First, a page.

A wise lady once told me that the only thing harder than setting a standard is maintaining that standard. We set out from high school with a life plan on how the next 10 years will go: get that degree in economics, law, etc; land that envious apprenticeship in one of the top 10 firms in that sector, work your way to the top, get the 1,2,3,4,5 and be accomplished in life. This is a very probable outlook on life, I mean, you are smart and work hard, the odds can only be in your favour.
Until you land in that class and realise the system has some serious flaws in recognising your genius. You get into that job and find that the humanity you naively believed in is compromised on every level of class, creed and ambition. You learn that not everyone knows what they are doing and few of us will actually grow up to figure it out. You figure out that the way to get out of the bottom of the barrel is to go with the flow and become part of the train of “this is how things work here”. That 10-year life plan becomes heavily altered because those fringe plans had to take a back seat in dealing with getting the career you aspired to.
One day I walked into my boss’s office and called a time out, I needed a break from the constant back and forth, this client was wearing me out. He simply said he understands my frustration but at the end of the day, we need to keep our word and fulfil our part.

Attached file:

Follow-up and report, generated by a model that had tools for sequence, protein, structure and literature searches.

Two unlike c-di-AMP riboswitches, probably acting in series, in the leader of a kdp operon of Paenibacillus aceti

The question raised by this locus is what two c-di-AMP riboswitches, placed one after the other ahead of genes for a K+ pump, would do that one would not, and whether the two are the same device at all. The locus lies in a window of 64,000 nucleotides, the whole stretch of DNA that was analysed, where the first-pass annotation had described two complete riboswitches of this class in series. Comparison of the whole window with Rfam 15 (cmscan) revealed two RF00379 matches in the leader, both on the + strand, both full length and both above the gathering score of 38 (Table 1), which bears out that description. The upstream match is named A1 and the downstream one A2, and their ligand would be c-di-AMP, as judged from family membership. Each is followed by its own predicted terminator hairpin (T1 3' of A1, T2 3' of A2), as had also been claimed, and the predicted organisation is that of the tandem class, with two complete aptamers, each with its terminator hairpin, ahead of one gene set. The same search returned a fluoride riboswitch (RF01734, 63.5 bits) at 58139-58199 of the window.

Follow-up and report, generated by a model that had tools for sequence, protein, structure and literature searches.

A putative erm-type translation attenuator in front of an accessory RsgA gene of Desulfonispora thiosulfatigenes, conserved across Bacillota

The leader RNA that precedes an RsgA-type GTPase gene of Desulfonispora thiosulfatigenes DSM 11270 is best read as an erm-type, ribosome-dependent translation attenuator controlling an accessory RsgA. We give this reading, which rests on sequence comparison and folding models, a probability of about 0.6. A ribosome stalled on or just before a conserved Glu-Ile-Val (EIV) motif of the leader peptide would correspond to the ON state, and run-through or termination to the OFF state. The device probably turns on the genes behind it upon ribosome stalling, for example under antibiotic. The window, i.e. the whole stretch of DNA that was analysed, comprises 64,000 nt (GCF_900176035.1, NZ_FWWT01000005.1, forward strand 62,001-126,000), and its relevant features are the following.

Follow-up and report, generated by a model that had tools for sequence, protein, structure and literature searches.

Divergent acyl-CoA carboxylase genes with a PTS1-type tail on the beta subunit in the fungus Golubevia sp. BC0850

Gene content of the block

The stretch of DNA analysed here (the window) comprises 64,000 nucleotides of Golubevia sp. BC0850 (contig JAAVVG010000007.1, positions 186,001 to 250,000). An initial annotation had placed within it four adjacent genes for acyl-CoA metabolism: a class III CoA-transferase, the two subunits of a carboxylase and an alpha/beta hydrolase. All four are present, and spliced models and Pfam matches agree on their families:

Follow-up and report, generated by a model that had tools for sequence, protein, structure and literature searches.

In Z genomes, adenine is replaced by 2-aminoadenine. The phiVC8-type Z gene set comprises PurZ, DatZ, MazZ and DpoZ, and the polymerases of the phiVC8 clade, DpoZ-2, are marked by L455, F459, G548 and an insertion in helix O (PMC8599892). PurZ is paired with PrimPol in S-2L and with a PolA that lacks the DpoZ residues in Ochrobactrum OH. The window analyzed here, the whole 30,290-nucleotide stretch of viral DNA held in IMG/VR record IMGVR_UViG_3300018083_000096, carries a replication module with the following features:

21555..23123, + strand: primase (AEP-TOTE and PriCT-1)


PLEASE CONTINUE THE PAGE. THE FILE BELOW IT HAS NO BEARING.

I had a boss who was literally a cool cat. The client at the time had just decided to frustrate us. The brand we worked with had an already established clientele from years in the market and was well enough known. It had just rebranded and was looking to adapt to the latest craze in that sector. The client contact had decided to target a different demographic and change the brand tone that did not echo to its already healthy market. It was a constant fight. We kept redoing the work until the quality was crappy and we were on the edge of throwing in the towel. One day I walked into my boss’s office and called a time out, I needed a break from the constant back and forth, this client was wearing me out. He simply said he understands my frustration but at the end of the day, we need to keep our word and fulfil our part. So hang in there and when all this is over, I promise you will get the time that you need. Eventually, after a lot of people management, the client relented and let us flow with the direction we suggested and the results were as we had hoped.
This particular boss was a smart guy. Most people in the company complained that he would push you too far. He taught me two things: first, and this wasn’t about him, he crafted your resilience. If he didn’t push you, he would not be able to see your real full potential. For you as an individual, you also had to figure out at what point you would have no more. Second thing, about the client, if I had slacked off because the client would disagree anyway then I would have just given her more ammunition. You do not win when you let someone else’s agenda take over your progress.
Now, we don’t all have the same priorities but in your business, ultimately we need to work together setting aside, feelings and moving towards a goal whether or not you rooted for it or not.